Aurora Organic Dairy has agreed to a US$7.5m settlement of a US lawsuit over “fraudulent” marketing claims on organic milk.

The issue was first raised in 2005 when farm policy research group The Cornucopia Institute filed a formal legal complaint with the USDA alleging Aurora was producing its milk on giant feedlots, confining as many as 4,400 milk cows, instead of grazing their cattle, as federal organic standards require.

Cornucopia’s first complaint was summarily dismissed. However, Cornucopia said a second complaint was adjudicated by federal regulators, which in April 2007 said Aurora “willfully” violated regulations requiring pasture for their animals and also used non-organic subcontractors and illegally brought conventional cows into their organic operations.

“Even after the USDA found that Aurora had ‘willfully’ violated 14 tenets of the organic standards, this company, with over $100 million in revenue, was allowed to continue in operation, without a cent of fines,” said Mark Kastel, senior farm policy analyst at Cornucopia.

An official suit was filed on behalf of two St. Louis-area mothers on 4 October 2007 in the US District Court for the Eastern District of Missouri, claimed Aurora used “unfair and deceptive” practices to sell non-organic milk at organic prices.

However, while the courts confirmed Aurora’s organic certifications have always been valid and the company said it is confident it would prevail in trial on the remaining marketing claims, Aurora said it reached the settlement to “avoid the cost and distraction of protracted litigation”.

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“Since our inception in 2004, Aurora Organic Dairy’s mission has been to provide American families with high-quality organic milk,” said Marc Peperzak, founder and CEO of Aurora Organic Dairy. “Without exception, we have always produced organic dairy products without chemical fertilizers, synthetic pesticides, antibiotics and artificial growth hormones according to USDA organic standards. Aurora’s products have been continuously certified as organic since 2004 with the USDA Organic Seal, the marketplace standard that American families rely on and trust.”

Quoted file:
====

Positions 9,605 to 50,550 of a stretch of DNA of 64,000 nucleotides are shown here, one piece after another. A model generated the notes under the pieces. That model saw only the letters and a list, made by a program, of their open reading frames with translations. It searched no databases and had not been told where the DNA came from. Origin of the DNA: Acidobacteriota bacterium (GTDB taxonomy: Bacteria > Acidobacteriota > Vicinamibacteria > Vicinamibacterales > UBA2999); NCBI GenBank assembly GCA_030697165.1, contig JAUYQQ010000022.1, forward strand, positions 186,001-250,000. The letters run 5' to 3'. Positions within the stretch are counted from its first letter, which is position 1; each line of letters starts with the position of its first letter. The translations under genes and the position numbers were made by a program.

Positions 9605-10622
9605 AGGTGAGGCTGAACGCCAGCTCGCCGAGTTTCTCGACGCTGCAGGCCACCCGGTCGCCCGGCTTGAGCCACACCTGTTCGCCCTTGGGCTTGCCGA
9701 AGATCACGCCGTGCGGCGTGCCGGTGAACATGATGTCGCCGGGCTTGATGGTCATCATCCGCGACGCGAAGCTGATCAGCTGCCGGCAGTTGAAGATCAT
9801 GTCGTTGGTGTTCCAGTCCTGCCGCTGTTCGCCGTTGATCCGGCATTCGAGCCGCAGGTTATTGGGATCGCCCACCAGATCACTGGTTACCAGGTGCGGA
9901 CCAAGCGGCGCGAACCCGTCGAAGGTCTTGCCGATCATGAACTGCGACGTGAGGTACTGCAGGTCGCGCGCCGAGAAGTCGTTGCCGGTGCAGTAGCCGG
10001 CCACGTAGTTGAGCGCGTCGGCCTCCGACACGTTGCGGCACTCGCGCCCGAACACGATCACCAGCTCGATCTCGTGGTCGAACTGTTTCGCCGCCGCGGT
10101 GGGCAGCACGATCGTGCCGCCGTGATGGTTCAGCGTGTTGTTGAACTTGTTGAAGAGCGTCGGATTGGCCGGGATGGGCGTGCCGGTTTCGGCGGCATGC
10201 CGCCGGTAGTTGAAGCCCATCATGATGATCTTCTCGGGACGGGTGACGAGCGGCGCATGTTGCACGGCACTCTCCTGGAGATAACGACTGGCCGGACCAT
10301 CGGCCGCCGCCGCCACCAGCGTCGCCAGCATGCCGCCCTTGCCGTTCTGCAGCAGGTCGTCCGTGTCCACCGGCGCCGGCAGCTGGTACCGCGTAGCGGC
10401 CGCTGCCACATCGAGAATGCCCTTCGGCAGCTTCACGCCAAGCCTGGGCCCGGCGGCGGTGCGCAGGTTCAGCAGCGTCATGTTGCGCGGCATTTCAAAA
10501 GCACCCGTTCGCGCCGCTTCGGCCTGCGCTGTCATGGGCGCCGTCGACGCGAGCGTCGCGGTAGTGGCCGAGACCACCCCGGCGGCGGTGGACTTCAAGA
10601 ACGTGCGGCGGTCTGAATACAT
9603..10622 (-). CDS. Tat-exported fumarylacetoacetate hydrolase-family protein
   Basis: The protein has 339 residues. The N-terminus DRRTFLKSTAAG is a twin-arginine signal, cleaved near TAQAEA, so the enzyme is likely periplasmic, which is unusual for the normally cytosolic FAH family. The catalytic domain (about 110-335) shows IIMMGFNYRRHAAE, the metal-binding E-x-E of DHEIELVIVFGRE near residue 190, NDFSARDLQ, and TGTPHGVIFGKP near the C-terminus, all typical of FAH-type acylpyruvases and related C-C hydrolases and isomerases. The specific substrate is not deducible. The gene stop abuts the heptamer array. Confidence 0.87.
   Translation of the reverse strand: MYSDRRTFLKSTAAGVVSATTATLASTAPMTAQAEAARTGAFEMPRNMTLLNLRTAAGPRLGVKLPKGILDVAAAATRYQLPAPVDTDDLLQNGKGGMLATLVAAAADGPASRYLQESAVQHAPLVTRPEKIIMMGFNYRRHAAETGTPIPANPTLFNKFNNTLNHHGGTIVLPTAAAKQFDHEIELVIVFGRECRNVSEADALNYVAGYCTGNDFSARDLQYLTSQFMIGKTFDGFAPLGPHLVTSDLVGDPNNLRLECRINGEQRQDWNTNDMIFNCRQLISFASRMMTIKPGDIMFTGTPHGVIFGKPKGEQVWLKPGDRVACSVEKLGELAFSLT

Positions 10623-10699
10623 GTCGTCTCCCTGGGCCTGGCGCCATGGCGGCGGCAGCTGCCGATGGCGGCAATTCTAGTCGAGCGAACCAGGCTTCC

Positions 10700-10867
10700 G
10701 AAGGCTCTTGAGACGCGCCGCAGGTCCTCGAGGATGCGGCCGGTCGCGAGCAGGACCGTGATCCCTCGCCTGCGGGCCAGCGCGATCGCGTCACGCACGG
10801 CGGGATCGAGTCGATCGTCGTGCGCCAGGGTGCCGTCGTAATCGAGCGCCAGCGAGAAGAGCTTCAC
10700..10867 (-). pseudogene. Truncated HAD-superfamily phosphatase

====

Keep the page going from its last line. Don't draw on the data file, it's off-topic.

Moreover, a spokesperson said Aurora signed a “consent agreement” with the USDA following the regulator’s 2007 notice. She said the agreement stated the dairy did not meaningfully break the regulations. The agreement allowed Aurora to tweak some of the ways it farmed.

“The USDA found that there were no violations – willful or otherwise – by Aurora Organic. The consent agreement clearly states that these were allegations or alleged violations, not willful violations,” the spokesperson told just-food.

She added the consent agreement “superseded” the USDA’s April 2007 notice.

Kastel said the agreement did not change what the USDA found in its original investigation.

“This debate is a matter of semantics. Their subsequent agreement with the USDA does not change how their operation was being managed nor does it change the letter that the USDA made public regarding the violations they found.”

However, the Aurora spokesperson replied: ”USDA did not find willful violations and confirmed that Aurora Organic Dairy carried valid organic certifications, as cited in the consent agreement.”

She said the USDA did not find Aurora guilty of what it was originally accused and added a district court and an appellate court dismissed the original claims in the 2007 lawsuit that challenged the company’s organic practices.

If a federal court in St. Louis approves the $7.5m settlement, consumers can get $10 rebates without a receipt and up to $30 with receipts. A planned website will explain how to file for rebates.